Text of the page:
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The BBC published an article suggesting that students’ mental health is ‘at risk’ because of concerns over finances and future job prospects, among other things.

I can’t speak for previous generations, but I can definitely understand why there are concerns.

There are more reasons beside those stated in the article too.

It was hard going to university having been top of the class at most things both in high school and sixth form. I achieved 100% in most of my A Level Law papers, and went to university feeling as though I couldn’t fail at anything.

The first grades at university were hard to take. A 55, meaning a 2:2, wasn’t fun. It felt like a complete failure. Thankfully, it didn’t count and I have improved, which is always a good thing. But there is a problem. I don’t know where my current grades stand against everyone else in the year. I don’t know if I’m terrible in reality, good or just average. No idea whatsoever. And I can’t ask random people their grades – that’s just mean.

I cried when I got that 55. Just alone in my room. I loved university though. I still do. I loved the people I lived with, I loved my course, I loved the amazing nights out, I loved the new boyfriend I unexpectedly acquired. But I found it hard to get used to no longer being ‘top of the class’.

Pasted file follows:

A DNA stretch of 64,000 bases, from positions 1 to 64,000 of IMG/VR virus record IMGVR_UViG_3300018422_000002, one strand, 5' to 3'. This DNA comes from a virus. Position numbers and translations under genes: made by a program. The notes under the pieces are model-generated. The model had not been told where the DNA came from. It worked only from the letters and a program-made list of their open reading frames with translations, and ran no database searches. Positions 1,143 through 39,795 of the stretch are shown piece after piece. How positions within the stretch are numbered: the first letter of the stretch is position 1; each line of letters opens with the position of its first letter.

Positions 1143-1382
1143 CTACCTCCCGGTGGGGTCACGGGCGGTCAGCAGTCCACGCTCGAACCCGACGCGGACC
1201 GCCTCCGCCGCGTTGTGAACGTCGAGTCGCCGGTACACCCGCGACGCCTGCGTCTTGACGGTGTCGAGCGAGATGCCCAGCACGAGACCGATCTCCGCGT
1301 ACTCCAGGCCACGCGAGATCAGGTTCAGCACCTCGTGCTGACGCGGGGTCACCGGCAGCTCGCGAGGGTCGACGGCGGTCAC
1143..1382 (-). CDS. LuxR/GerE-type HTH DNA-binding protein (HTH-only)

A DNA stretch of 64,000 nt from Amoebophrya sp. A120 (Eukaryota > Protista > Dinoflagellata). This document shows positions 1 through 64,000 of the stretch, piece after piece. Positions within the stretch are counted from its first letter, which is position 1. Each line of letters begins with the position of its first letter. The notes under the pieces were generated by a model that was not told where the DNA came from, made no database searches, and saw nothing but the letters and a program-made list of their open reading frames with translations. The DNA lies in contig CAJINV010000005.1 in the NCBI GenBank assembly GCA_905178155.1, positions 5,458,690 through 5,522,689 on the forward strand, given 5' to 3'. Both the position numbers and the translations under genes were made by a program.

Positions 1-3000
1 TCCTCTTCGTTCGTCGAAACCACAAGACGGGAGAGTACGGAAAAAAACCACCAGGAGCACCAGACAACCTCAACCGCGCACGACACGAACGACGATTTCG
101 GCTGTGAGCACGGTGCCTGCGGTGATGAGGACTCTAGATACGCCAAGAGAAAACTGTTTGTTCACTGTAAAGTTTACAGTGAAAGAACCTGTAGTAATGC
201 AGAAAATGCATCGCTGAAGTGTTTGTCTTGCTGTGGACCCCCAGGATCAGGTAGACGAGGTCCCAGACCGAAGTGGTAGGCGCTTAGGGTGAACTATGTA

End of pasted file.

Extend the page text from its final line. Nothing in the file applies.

There are probably numerous reasons why I feel more apprehensive than I ever have before. On October 12th, I start my third year. I have a vague idea of what I’d like to do when I finish, but believe I came up with these plans too late to get a job in that industry when I leave. The media has filled me with horror stories about employment. In my head, it feels like I’ll never get a job. Too educated for a shop, not enough experience for anything else. And I can’t afford a Postgrad. But I’ll probably need those qualifications to get into journalism. So I’d have to get some sort of job to fund it. But what to do?

But I can’t live with my parents. I need to move out. I do like living here over the summer, don’t get me wrong. It’s secure and happy. But I miss the independence I get back at uni. I miss cooking my own meals, eating them when I like, eating what I like. I haven’t had one of my yummy Thai curries in ages.

I have bouts of anxiety now. Not diagnosed anxiety, but just feelings of being totally overwhelmed. Sometimes, daydreaming, I imagine some nice future with a job I love and a really pretty little flat in London. But then reality strikes – I have no idea how to get there. The media makes me feel as though it is unachievable; the economy too poor, there are no jobs. And who would want me anyway? I just come with a mismatch of work experience placements.

If students are suffering with their mental health more than ever before, I can believe it. Every time I think about leaving education, it makes me feel a little bit ill. I don’t know what I’m actually good for. And I do know I can’t live with my parents for more than a year. But I’d need money to move out. Therefore, a job. But it won’t be easy to get one of those, supposedly.

Most students will feel the same as I do. But the truth is, many of us find it too horrible to think about. So, we don’t discuss it that much. I think if we did, I’d probably spend more time in tears than I’d like, and I refuse to cry in public. So I just quite feel alone.

– – – –

Apologies for the sad tone. I’m actually quite upbeat generally. But the BBC article struck me somehow. It’s a tough year ahead, and I hate not knowing where it’s going. But bear with me. I’m sure I’ll figure something out eventually.

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